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Top 10 eco-building innovations

Buildings are responsible for more than 45 per cent of the UK’s total carbon emissions, according to the Environment Agency. There are many elements to making buildings more environmentally friendly.  The location, energy efficiency, materials efficiency, water efficiency, appearance and the health and safety of occupants are all contributing factors.

For existing buildings there are simple measures that can be taken to ensure a building becomes more green, such as monitoring power, better insulation and more efficient use of water.

But, for new buildings, there are a number of technologies emerging that could really make a step-change in the fight to make homes as close to zero-carbon as possible.

Here are Greenbang’s top 10 sustainable building innovations.

1. Biomass boilers

Biofuels have been getting a bad rap recently. But using them to heat your home could save you up to £550 per year on your heating bills, according to the Energy Saving Trust. For small scale home burners woodchip biomass is considered the most effective fuel. Biomass is considered carbon neutral because it only releases the CO2 it absorbed whilst growing. The boilers connect to central heating and hot water systems. These are suitable for pellets, logs or chips and are generally larger than 15 kW. A biomass boiler can connect to your central heating system, and biomass wood pellets can be bought from an increasing number of outlets from around the country.

2. House and window positioning and sunlight penetration

Although not a new technology, this is a new way of thinking in terms of design. The idea is to expose as much of a house to sunlight as possible, ensuring that as few areas as possible of a house, or surrounding houses, are in shade. Windows can also be designed so that sunlight can penetrate through to back rooms that would not be reached with a traditional design. High windows generally transport light further back into a room, and innovative home layouts can mean that even north facing rooms can get some light, saving on heating and lighting costs. Roofs can be angled precisely so they absorb as much heat as possible, also meaning that any solar panels get maximum exposure.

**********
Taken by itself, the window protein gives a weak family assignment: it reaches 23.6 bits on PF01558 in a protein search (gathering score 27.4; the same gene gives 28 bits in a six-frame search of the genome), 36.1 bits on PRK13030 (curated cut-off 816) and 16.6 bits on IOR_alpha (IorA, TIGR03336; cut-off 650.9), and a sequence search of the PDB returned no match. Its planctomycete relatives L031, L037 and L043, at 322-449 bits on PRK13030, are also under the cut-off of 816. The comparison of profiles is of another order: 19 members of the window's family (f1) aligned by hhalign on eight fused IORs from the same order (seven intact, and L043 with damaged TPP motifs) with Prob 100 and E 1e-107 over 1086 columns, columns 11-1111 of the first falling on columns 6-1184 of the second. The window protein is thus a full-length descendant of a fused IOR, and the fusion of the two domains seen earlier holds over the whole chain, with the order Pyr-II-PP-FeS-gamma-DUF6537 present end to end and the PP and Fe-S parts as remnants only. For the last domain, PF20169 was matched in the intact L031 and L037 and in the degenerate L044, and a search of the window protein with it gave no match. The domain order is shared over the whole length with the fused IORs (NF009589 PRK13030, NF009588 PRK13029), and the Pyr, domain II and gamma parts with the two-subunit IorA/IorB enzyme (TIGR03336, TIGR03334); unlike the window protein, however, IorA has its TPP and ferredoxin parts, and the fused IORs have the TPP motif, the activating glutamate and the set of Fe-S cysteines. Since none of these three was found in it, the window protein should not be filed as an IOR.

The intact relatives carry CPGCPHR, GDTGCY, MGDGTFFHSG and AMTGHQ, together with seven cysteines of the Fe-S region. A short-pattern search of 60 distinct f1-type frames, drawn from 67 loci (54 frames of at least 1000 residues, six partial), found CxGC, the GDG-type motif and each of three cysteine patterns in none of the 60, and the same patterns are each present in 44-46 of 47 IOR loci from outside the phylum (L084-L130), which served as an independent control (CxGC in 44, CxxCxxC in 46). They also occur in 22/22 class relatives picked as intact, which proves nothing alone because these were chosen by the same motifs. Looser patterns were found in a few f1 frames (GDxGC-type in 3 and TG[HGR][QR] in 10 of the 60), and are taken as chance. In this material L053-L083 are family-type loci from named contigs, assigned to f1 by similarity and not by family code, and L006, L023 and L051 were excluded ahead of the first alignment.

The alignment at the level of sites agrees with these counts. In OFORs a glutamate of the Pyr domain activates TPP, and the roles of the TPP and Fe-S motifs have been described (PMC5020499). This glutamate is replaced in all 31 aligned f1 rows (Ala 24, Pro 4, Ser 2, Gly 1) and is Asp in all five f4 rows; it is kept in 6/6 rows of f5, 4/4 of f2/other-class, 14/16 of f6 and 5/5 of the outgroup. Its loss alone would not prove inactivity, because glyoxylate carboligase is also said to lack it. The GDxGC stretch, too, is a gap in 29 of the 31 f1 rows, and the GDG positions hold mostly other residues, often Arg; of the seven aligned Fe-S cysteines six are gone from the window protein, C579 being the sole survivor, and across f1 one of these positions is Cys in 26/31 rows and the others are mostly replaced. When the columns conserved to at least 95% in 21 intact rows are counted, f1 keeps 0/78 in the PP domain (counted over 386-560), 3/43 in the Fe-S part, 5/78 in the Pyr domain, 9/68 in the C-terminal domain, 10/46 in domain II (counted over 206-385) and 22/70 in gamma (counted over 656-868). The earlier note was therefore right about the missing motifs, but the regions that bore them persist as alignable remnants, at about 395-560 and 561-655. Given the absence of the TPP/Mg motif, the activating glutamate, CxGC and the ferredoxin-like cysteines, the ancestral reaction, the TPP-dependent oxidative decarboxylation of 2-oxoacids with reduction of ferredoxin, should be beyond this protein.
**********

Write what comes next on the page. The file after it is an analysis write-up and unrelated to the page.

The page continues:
3. Combined heat and power plants

The PM Gordon Brown has sung the praises of combined heat and power. Essentially, the system takes the wasted heat from an alternator producing electricity on-site and uses it to heat water (or power air conditioning!) The technology is popular with many environmentalists because it is decentralised and very little energy is wasted in the transferring of power from one place to another. According to the Combined Heat and Power Association, savings vary but can be between 15 per cent and 40 per cent compared to imported electricity and on-site boilers. Combined heat and power plants can be used in homes and business buildings and are a fairly well-established technology in the UK.

4. Living roofs and walls

The idea of living roofs and walls is fairly radical and new. Some have poured scorn on it for being a utopian environmentalist’s dream, but others say it has practical advantages. Plants on roofs, for example, most effectively sedums, can prevent buildings from over heating. They absorb heat, reduce storm water run-off and some areas can also be used for allotments so residents can grow local produce. Plants growing on walls are less developed as an idea, though some environmentalists say that if the correct plant was chosen a natural cycle could allow the plant to provide shade in summer while less leaves could allow sunlight through in winter.

5. Convection ventilation system

A technology used effectively in the BedZED development, convection ventilation works very simply. A house needs to be very well insulated first and then a single airflow can be established. Outgoing air already heated by the house then passes in close proximity to the incoming air through a “heat exchanger” and transfers some of its heat to the colder outside air entering the house.

6. Collecting water run-off